How to Remove Carbon Paper Marks From Wood

Have you ever been frustrated with those pesky carbon paper marks that refuse to come off your wood furniture? You’ve tried so many different methods, but nothing seems to work! Well, it’s time to give up the battle and try something new. Carbon paper marks on wood can be difficult to remove, but you should have no problem with the right technique. This blog post will teach you how to remove carbon paper marks from wood using a few simple ingredients that are easy to find at your local grocery store. 

How to Remove Carbon Paper Marks From Wood

10 Ways on How to Remove Carbon Paper Marks From Wood:

1. Use Toothpaste:

If you have a bunch of carbon paper marks on wood and are looking for an easy way to remove them, toothpaste may be the best thing you’ll ever try. This idea is similar to how they get white marks off of your teeth! Just wet a cloth with water or spit, put some ordinary Crest or whatever brand you have in your bathroom, and rub it on. Then, remove the excess toothpaste with another cloth, and watch as the carbon marks come off completely!

2. Rub with Charcoal:

Charcoal is a natural abrasive and can work well on wood stains, so it makes sense that it would be able to remove carbon marks too. Since charcoal is also good for getting odors out of clothes, try mixing some into a paste with water or toothpaste and rubbing it onto the stained wood. See if you can scrub away most of the stain before rinsing or wiping off any charcoal dust.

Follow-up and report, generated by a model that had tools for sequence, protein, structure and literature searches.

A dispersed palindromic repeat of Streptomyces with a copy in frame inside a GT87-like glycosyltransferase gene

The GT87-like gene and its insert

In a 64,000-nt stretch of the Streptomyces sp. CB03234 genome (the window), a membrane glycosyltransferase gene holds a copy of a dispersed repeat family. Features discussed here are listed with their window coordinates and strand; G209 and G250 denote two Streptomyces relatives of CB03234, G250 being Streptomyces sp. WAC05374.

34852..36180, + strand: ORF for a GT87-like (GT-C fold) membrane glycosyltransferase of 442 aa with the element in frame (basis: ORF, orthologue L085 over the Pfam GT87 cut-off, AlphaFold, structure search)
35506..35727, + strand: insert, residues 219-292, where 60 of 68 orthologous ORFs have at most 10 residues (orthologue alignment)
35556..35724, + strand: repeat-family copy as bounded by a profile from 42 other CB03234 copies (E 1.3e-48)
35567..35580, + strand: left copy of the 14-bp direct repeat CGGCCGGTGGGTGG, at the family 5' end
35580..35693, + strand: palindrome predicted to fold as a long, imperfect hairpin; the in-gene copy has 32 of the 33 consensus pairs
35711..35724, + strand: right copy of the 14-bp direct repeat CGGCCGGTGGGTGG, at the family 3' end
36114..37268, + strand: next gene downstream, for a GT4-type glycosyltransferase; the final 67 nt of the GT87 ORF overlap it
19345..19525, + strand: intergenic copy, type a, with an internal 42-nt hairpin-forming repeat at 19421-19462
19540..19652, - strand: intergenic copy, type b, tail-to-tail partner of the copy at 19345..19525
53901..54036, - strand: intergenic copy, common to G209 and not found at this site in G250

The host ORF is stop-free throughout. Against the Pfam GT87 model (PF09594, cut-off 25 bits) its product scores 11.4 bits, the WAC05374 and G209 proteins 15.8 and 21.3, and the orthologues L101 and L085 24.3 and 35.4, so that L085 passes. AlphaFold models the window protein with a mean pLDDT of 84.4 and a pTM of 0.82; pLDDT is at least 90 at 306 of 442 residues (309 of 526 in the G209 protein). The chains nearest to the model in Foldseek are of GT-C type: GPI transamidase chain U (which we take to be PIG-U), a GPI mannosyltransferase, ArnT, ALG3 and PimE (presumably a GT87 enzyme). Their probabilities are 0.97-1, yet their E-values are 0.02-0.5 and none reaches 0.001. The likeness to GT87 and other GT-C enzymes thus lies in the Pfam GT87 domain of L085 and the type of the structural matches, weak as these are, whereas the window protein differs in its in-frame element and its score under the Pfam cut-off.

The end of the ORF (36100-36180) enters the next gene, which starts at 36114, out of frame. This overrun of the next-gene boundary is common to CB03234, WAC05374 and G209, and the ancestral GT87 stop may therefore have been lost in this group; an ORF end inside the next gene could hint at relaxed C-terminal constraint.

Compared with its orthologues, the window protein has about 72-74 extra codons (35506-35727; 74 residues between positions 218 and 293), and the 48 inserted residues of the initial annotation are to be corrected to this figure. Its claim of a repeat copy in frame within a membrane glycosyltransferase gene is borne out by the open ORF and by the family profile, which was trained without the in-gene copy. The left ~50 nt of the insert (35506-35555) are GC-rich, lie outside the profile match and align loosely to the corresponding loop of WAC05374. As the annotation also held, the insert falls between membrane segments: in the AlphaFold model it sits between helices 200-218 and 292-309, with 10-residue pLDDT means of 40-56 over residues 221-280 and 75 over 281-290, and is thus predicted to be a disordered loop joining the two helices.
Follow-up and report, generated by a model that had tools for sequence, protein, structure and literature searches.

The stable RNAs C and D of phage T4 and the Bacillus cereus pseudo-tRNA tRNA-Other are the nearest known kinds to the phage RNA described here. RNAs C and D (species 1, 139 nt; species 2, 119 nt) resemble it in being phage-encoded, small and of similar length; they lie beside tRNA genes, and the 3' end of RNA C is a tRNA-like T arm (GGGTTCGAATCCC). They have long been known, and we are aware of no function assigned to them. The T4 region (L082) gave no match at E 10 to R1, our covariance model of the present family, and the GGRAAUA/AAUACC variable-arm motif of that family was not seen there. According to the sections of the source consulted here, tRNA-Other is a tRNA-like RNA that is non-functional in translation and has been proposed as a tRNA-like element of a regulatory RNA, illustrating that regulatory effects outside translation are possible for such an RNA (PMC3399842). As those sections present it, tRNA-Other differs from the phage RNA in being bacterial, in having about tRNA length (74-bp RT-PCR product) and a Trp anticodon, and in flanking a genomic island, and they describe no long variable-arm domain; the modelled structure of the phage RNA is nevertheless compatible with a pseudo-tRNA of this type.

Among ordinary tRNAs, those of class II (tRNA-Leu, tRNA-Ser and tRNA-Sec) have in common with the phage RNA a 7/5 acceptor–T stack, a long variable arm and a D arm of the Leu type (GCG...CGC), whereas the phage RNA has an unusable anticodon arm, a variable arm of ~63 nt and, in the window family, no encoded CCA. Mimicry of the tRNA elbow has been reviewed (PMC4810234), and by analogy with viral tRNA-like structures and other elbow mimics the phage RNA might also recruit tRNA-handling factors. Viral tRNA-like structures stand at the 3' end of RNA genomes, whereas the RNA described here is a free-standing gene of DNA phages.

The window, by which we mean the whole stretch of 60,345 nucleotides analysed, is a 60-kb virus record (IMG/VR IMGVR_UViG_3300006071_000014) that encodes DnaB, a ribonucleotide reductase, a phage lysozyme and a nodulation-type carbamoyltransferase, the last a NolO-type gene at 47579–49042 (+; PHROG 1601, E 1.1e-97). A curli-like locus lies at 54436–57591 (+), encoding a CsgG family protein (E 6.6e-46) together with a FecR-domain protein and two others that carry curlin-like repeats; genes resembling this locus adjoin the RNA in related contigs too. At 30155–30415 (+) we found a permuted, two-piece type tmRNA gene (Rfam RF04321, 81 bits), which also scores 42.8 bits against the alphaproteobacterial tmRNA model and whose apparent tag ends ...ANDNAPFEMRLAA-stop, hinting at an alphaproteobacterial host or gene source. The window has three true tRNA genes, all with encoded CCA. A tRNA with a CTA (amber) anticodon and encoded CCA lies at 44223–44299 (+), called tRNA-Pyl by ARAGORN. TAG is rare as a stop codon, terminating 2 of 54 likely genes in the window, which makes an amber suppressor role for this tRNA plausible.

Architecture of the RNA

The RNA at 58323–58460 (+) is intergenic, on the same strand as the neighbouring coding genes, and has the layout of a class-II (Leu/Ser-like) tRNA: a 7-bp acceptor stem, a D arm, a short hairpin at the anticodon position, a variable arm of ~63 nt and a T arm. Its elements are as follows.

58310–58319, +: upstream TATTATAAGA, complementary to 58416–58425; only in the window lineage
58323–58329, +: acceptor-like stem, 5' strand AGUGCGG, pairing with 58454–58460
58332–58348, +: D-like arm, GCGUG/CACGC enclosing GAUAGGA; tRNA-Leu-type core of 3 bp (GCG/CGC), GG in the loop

3. Rub with Sandpaper:

After you’ve tried toothpaste and charcoal on your black marks, try using plain old sandpaper to eliminate the rest that didn’t work as well as you wanted. Just wet a piece of sandpaper and rub it over the stained area. Then, wash the wood with soap and water to remove any trace of the stain. If that doesn’t work well enough for you, try rubbing steel wool as a last resort!

4. Rub with Ammonia:

Ammonia is another common household chemical that can easily remove carbon paper stains from wood if you use enough of it. Mix water and ammonia into a paste, and rub the mixture onto the wood where you have stains. Give it some time to bubble up and work its magic (it helps if you put on rubber gloves before doing this). Once the stain is gone, rinse with clean water or wipe off any excess liquid from your wood.

5. Apply WD-40:

appling some WD-40 to a soft cloth

WD-40 is an all-purpose lubricant that can be found in almost every home and garage. If you’re looking for a way to remove carbon paper stains from wood, this may work better than any of the other household methods we’ve covered. Just apply some WD-40 to a soft cloth, and rub it over the stained area. While doing this, wipe off any excess WD-40 so that it doesn’t seep into the wood or get on your clothing. Then, wash away any leftover WD-40 with soap and water.

6. Use Windex: